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The primary goal of Arkansas Advocates for Parental Equality is to advance shared parenting and joint custody, where each parent is given equal time and access to his or her child. For a long time in Arkansas and around the nation, shared parenting and joint custody were the exception rather than the rule. In 2013, Act 1156 of the Arkansas legislature made joint custody and equal parenting time "favored" in Arkansas. Although this was a significant change, our courts interpreted it to mean that joint custody is now "allowed" but not preferred.  This was unfortunate since the evidence supporting joint custody is indisputable. The benefits extend first and foremost to the child, but also to the parents, courts, and society.

Numerous studies over the last 30 years have shown the benefits of shared parenting. These compared children living in dual residence situations (typically defined as over 35% of the time with each parent) to those living primarily with one parent. As a whole, children in dual residence situations fared better in every measured category, including academic, psychological, emotional, behavioral, and physical health. They also showed better relationships with both their mothers and fathers. Overnight stays with the father were especially notable for their positive effect on the children, greater father satisfaction, and less parental hostility. Children notably prefer joint custody to sole custody. Dr. Linda Nielsen out of Wake Forest University has published several reviews on the topic that summarize the data over the last 30 years (Nielsen 2011Nielsen 2014Nielsen 2018). Additionally, a consensus report from over 100 leading researchers and practitioners in the field (Warshak 2014) was published to support the practice of joint custody, including for infants and young children.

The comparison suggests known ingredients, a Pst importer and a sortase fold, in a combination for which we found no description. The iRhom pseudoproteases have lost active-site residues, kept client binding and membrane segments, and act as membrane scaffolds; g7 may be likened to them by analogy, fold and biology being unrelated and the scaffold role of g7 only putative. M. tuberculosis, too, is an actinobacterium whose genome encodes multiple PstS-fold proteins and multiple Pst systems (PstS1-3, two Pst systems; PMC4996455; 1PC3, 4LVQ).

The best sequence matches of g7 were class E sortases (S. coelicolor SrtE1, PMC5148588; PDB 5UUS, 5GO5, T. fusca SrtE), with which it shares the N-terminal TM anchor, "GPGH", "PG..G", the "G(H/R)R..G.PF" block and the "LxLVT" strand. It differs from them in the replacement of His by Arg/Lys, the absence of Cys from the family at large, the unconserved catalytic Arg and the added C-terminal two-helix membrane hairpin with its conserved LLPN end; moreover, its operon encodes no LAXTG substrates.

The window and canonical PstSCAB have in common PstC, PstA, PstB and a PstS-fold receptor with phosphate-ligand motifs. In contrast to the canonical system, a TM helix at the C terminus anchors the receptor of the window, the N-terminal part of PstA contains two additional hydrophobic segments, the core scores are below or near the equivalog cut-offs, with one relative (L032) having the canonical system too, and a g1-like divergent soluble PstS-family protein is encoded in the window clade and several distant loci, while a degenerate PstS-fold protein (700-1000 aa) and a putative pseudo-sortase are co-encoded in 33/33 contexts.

A meta-analysis - a statistical review pooling data from prior studies rather than a written summary - was done in 2002 that looked at joint versus sole custody and its effect on children (Bauserman 2002). The study underwent extensive peer review prior to publication by the American Psychological Association, the largest and most prestigious organization representing psychology in the United States. The data strongly supported the outcome that children of joint custody were better adjusted than children of sole custody. Specific areas examined were general adjustment, family relationships, self-esteem, and behavioral and emotional adjustment. They also noted that joint custody parents reported less current and past conflict that sole custody parents, helping to dispel the myth that joint custody leads to greater conflict between the parents. 

A 2003 study from Arizona State University (Fabricius 2003) looked at the students' perspective on custody, visitation, and relationships with their parents. They found that 70% of the students felt the best arrangement was equal time with both parents. This is despite most of the students of divorced families reporting having lived with their mothers the majority of the time. The more time they spent with their fathers, the better their relationship was with their fathers - but there was no decrease in the relationship with their mothers, meaning a win-win outcome. The students reported that the primary reason for not having more time with their fathers was because their mothers ‘‘just wanted me with her.’’ The students also recognized undermining behaviors of one parent toward the other and were more likely to hold a negative view of the offending parent.